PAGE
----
MS/ms—proteome and phosphoproteome processing
The peptide mixture was separated on an in-house made 50 cm capillary column packed with 1.9 μm Reprosil-Pur C18 beads (Dr Maisch, Germany) using an EASY-nLC 1,000 system (Thermo Scientific). The column temperature was maintained at 50 °C using a column oven (PRSO-V1, Sonation GmbH, Biberach, Germany) and the LC system was interfaced online with the Q Exactive mass spectrometer (Thermo Scientific). Formic acid 0.1% was used to buffer the pH in the two running buffers used. The total gradient was 250 min followed by a 15 min washout and re-equilibration. In detail, the flow rate started at 250 nl min−1 and 5% ACN with a linear increase to 25% ACN over 220 min followed by 30 min linear increase to 60% ACN. The washout followed with 60% ACN for 5 min followed by re-equilibration with a 5 min linear gradient back down to 5% ACN, which were maintained for the last 5 min. For phosphopeptide-enriched samples, the Q Exactive was operated with a data-dependent method using Top10. Full scan resolutions were set to 70,000 at 200 m/z with a target value of 3 × 106 and a maximum fill time of 20 ms. Mass range was set to 300–1,750 m/z. Fragment scan resolution were set to 35,000 with target value 1 × 105 and maximum fill time 108 ms. Proteome data were acquired with a Top12 method and fragment scan resolution 17,500 and 44 ms fill time. Isolation width was 2 m/z and normalized collision energy (NCE) 28 for phosphor-enriched samples and 2.2 m/z and 25 NCE for proteome samples. All raw LC-MS/MS data were analysed by MaxQuant v184.108.40.206 (ref. 59), and searched against the human Uniprot database (April 2012 release). Carbamidomethylation of cysteine was specified as fixed modification for both groups. For the proteome data, variable modifications considered were oxidation of methionine, protein amino (N)-terminal acetylation and pyro-glutamate formation from glutamine. The phosphoproteome data were additionally searched with phosphorylation as a variable modification of serine, threonine and tyrosine residues. The match between run option was enabled, and the minimum score for both modified and unmodified peptides were set to 25, we used false discovery rate limit of 1% on peptide level.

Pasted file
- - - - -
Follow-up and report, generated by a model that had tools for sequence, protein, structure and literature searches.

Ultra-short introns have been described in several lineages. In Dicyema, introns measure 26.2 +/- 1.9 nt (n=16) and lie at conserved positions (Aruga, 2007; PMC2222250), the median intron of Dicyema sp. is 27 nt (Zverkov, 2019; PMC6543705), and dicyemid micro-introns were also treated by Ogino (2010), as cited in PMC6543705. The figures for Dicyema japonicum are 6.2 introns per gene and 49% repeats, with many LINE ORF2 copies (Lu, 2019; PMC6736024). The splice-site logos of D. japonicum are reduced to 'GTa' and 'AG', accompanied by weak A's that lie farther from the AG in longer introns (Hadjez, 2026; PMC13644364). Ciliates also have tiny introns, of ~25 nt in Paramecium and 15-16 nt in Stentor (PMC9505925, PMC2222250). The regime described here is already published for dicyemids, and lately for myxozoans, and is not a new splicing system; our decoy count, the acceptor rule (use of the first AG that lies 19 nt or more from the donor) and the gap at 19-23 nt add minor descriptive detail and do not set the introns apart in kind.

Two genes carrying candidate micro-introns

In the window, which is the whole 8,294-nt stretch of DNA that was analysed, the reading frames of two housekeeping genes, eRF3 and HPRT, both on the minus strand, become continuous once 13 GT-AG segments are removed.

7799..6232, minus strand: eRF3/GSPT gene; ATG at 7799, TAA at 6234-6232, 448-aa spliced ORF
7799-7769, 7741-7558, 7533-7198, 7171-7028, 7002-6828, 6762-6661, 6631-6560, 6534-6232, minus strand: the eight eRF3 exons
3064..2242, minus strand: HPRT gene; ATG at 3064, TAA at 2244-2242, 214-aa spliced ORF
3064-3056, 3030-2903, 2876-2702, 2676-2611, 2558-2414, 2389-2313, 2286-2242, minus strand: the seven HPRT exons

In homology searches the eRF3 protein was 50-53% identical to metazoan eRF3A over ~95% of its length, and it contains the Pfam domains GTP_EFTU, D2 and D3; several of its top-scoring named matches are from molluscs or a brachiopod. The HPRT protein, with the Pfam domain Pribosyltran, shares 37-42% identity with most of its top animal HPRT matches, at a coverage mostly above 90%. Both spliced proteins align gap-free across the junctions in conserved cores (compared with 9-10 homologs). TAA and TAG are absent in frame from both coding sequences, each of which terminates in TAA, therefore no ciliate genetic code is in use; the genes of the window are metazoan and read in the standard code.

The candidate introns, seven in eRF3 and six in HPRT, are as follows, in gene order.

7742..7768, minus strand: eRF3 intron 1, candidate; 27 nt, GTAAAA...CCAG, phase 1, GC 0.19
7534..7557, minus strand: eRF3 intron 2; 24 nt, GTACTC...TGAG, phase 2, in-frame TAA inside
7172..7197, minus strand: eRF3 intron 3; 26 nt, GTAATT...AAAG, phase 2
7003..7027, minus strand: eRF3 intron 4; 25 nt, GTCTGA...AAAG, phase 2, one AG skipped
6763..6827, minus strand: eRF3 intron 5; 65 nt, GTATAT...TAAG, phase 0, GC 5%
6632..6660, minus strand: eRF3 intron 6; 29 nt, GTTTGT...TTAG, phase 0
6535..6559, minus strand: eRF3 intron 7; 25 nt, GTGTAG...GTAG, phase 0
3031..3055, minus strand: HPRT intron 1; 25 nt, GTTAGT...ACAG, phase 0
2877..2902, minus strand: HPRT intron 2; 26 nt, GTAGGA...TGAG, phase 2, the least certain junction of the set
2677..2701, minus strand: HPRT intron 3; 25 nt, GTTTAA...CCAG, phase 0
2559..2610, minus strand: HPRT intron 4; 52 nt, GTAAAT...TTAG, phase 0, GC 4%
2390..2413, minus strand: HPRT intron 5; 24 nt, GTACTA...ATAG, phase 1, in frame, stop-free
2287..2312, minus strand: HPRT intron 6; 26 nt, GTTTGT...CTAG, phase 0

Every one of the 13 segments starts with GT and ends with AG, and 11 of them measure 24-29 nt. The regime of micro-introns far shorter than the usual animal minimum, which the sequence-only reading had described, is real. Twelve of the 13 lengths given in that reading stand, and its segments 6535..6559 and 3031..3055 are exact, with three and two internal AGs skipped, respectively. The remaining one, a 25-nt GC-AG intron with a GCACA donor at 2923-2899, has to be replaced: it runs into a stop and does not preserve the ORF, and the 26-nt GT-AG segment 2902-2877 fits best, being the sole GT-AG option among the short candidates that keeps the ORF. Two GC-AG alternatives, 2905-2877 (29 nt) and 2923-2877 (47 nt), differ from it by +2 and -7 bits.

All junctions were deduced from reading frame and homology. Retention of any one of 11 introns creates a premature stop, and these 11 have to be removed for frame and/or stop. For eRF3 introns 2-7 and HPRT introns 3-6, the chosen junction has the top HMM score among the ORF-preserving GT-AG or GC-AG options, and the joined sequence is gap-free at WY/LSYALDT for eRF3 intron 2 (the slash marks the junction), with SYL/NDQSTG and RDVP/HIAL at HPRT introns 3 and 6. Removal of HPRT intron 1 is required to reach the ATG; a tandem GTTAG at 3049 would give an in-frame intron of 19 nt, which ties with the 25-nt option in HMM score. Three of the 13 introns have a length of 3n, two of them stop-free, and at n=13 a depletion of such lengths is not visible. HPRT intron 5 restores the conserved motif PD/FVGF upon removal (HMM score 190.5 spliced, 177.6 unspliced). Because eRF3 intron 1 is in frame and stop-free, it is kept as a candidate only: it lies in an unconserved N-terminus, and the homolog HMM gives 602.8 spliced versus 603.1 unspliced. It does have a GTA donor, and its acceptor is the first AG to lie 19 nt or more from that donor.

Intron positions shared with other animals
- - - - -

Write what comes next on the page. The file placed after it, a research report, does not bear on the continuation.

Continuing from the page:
Proteome and phosphoproteome data analyses